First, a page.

I know it’s been awhile, but I am happy to say I haven’t posted a walk quite frankly because I have been working straight out on golf projects for the past 12 months.
That said, what better way to get back into the swing that to go back in time. Last week I had the honor of playing with the members (I am one) of the Rhode Island Golf Course Superintendents Associations at the venerable Newport Country Club. I had been to Newport CC on several occasions, the 2006 Women’s Open, a past RIGSA meeting in a driving rain and wind storm and as a Bryant College alumni at the Presidents Cup, but had not had the occasion of playing the course on a sunny…really perfect fall day.
The drive to Newport CC is as dazzling as it gets if you take the long way… rolling down Bellevue past Marble House, The Breakers and Rosecliff among other extraordinary testaments to the gilded age….then along Ocean Ave with the sea crashing into the massive rocky outcrops along the coast. Further inland as you approach Harrison Avenue you heart beat slows passing the pastoral fields of Surprise Valley Farm or Swiss Village to the locals which houses rare livestock grazing along rock walled hillsides.
Dorset Horned Sheep
This all sets the stage for your turn into history. Along a stretch of Harrison Avenue, you take a quiet turn into Newport Country Club. The entrance is quite unassuming until you look about a 4 iron ahead. The restored Beaux Arts style clubhouse in true Newport grandeur spreads with open arms overlooking Brenton Point. With all its class, history and architectural detail, the experience of visiting the Club remains very unassuming as you literally park on the lawn…though marked with wooden posts as a parking lot for the members….in front of the clubhouse. This low key philosophy is part of the charm and is carried through the club staff and right to the first tee.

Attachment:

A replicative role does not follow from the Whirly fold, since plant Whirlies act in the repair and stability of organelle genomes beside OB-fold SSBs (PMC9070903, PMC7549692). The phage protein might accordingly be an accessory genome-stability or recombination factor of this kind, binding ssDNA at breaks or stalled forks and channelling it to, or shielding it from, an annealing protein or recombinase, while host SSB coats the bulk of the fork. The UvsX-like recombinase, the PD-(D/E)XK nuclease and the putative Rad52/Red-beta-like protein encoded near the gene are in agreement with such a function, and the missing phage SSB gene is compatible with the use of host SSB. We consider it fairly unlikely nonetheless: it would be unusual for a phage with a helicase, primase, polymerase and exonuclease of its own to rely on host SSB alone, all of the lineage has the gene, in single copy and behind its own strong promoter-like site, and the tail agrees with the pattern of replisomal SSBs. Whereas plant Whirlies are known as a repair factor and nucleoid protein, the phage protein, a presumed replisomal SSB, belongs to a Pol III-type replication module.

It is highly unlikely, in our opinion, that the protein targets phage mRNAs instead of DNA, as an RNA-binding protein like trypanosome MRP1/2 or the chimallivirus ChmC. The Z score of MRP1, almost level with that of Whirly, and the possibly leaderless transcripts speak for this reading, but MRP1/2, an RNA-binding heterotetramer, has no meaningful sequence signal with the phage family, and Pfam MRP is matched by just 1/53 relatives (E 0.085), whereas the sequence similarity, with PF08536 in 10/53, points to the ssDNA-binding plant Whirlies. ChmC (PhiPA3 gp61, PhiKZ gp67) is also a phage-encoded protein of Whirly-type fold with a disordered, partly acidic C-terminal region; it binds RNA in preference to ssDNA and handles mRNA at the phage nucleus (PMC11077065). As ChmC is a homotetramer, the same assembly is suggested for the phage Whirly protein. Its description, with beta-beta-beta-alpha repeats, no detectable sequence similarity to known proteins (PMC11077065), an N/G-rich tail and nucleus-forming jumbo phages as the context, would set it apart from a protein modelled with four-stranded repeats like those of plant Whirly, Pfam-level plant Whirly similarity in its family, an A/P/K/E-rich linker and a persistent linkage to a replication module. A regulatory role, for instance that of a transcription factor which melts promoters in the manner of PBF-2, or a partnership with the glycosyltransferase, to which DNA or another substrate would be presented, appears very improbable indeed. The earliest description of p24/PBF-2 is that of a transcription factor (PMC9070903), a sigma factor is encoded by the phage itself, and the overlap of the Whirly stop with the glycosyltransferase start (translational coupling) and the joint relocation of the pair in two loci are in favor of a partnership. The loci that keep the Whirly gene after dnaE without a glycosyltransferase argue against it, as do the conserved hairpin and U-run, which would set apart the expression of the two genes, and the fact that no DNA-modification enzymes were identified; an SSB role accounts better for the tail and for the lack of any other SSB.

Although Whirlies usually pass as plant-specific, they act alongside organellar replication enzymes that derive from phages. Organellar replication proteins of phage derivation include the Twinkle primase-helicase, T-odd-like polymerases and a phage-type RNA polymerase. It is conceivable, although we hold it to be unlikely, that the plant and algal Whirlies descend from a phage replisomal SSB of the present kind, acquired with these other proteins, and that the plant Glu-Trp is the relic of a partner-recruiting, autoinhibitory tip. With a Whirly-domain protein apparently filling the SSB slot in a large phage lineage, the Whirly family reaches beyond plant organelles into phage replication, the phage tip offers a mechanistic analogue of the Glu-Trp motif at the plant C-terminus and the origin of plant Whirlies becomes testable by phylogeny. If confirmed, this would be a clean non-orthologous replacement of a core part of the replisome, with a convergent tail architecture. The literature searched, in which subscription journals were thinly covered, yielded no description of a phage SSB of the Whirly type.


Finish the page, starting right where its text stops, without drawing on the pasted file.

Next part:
The course dates back to 1893 on what was known as Rocky Farm. Several wealthy business/sportsman led by Theodore Havemeyer, (yes the first President of the USGA and yes the Havemeyer Trophy earned by the top United States Amateur), developed a 9 hole layout designed by William Davis in 1894. Newport hosted the first US Open in 1895 won by Horace Rawlins. The course was then expanded to 18 holes in 1915 by Donald Ross…still not satisfied with the course; A.W. Tillinghast was brought in to remodel the course in 1923.
Clubhouse view from the 18th fairway
It hadn’t rained of any significance in a month, so the course played about as firm and fast as I’d hoped. The course opens quietly with a shortish 489 yard par 5 with the tee tucked up against the right wing of the clubhouse and the front turnaround. On the front 9 you push hard against the wind on holes 1 through 4. On the 4th it has become apparent that your grit and patience will be tested. The 4th runs parallel to Ocean Avenue (waves crashing to the player’s left) and stretches to 242 yards from the back and is aptly named Graves Point…likely for some old guy, but death comes to mind as the teeth of the wind forces either the big stick or a smarter..though not for me…lay up play off the tee. Bunkers frame the “grave” on the left and right, if found will certainly lead to double.